Well Melody all my daylilies are sitting in bowls of water and I'm not worried about them any more. Yes they are daylilies, and they do have the rhizomes you describe so well, but many of the rhizomes have a growth on them shaped like an oblong bulb and that oblong growth has a myriad of tiny roots growing from the lower end. My neighbor came over to try to guide me but she was unsure also. Since there is a prediction of snow tonight I'm going to replant them today. I'm going to take a few cuttings of the "growths" and plant them also. I'll report back if their successfull. Thanks again.

melody

melody
Benton, KY
(Zone 7a)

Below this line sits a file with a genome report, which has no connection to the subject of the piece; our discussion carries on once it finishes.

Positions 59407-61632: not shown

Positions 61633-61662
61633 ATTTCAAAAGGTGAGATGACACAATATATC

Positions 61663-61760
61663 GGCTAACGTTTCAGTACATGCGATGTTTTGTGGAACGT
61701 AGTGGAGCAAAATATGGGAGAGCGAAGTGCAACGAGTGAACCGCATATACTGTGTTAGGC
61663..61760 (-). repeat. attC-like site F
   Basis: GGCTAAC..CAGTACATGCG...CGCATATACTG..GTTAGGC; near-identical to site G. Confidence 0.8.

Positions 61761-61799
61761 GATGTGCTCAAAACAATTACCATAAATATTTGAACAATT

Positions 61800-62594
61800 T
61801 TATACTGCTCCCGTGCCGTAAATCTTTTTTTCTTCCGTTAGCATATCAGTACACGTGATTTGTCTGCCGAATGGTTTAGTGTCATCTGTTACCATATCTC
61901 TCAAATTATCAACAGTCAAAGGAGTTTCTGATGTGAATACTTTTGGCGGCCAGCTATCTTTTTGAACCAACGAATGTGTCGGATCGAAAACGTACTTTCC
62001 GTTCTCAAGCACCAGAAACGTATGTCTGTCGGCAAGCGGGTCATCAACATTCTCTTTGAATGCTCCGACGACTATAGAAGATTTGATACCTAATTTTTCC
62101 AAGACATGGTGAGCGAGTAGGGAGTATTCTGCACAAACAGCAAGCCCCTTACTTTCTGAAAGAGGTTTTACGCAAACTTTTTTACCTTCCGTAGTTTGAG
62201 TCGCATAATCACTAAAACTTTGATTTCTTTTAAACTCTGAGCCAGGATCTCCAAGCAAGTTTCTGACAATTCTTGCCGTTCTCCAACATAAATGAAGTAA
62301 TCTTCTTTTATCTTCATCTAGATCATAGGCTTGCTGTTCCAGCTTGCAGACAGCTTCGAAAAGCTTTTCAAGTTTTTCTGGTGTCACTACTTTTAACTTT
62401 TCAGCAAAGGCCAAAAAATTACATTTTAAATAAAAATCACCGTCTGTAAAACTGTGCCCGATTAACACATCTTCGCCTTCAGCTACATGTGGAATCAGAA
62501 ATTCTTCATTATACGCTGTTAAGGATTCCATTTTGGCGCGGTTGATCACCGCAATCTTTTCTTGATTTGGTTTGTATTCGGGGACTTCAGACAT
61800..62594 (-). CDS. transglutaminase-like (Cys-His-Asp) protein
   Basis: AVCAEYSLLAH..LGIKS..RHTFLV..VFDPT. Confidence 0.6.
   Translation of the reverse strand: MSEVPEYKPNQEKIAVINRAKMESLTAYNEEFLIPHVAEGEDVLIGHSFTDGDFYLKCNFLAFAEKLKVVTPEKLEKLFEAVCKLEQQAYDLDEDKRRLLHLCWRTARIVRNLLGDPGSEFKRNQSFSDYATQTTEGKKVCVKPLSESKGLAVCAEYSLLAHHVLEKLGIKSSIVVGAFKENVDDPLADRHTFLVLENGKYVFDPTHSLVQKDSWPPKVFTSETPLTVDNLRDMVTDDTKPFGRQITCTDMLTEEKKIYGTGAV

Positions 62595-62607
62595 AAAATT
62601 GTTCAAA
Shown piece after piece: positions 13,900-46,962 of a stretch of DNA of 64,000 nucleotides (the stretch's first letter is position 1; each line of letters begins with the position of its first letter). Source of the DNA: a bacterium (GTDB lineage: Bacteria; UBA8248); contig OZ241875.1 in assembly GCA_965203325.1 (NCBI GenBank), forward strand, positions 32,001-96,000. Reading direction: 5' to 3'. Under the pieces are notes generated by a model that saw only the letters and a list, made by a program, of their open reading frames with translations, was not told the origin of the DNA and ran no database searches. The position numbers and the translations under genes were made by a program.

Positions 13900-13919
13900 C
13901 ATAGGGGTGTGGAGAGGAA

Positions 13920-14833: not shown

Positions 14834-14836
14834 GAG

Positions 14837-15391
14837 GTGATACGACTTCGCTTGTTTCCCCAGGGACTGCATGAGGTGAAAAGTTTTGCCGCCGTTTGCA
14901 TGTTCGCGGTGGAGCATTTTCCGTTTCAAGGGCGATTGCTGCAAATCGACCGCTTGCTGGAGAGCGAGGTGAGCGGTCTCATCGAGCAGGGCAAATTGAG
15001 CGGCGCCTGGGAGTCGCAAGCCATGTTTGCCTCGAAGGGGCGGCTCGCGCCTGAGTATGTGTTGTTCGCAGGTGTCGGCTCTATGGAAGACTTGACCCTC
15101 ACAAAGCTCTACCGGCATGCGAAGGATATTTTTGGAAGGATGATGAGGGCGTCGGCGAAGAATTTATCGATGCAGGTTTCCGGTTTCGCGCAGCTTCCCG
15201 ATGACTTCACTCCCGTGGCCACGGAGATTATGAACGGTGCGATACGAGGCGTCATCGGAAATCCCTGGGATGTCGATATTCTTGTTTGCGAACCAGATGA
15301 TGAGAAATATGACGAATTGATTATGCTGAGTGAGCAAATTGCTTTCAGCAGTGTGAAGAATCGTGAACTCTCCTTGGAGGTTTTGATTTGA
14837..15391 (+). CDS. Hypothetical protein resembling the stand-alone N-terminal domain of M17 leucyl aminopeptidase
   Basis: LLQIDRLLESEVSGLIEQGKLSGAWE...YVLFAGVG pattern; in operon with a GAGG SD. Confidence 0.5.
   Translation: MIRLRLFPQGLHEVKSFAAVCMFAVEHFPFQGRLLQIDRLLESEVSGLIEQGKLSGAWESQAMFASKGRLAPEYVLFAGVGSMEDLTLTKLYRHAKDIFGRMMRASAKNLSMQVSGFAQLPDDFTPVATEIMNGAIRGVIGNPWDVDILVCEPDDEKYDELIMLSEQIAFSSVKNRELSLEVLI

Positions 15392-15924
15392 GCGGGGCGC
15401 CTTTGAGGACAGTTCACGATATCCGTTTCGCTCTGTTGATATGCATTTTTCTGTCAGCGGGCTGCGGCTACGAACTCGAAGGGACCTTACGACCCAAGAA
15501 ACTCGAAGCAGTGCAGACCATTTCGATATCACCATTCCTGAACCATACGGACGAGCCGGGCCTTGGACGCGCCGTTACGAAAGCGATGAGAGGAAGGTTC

March 24, 2007
2:28 PM

Post #3315676

These bulb like growths on the roots are the stored food. It's good to leave these with your lilies instead of cutting them off. They won't die if they are cut off though...that's how you'll get them from a mail order place. I'm not sure that they will sprout new plants though...I actually don't think so...but will bow to more experience in that area.

I wouldn't worry about the snow though...it won't hurt to leave them out of the ground...some folks have told of leaving them in the garage all winter with just a splash or two of water every now and then. These are cast-iron kill-proof plants. you've got to be very mean to them for them to die.
daiseycat
Assonet, MA
(Zone 6b)

March 24, 2007
3:20 PM

Post #3315781

Thank you so much Melody. Now I can give my tired old legs the rest they are hollering for. I'll get back to my lilies soon. I may procrastinate, but I'm never mean to my plants. I really appreciate your help.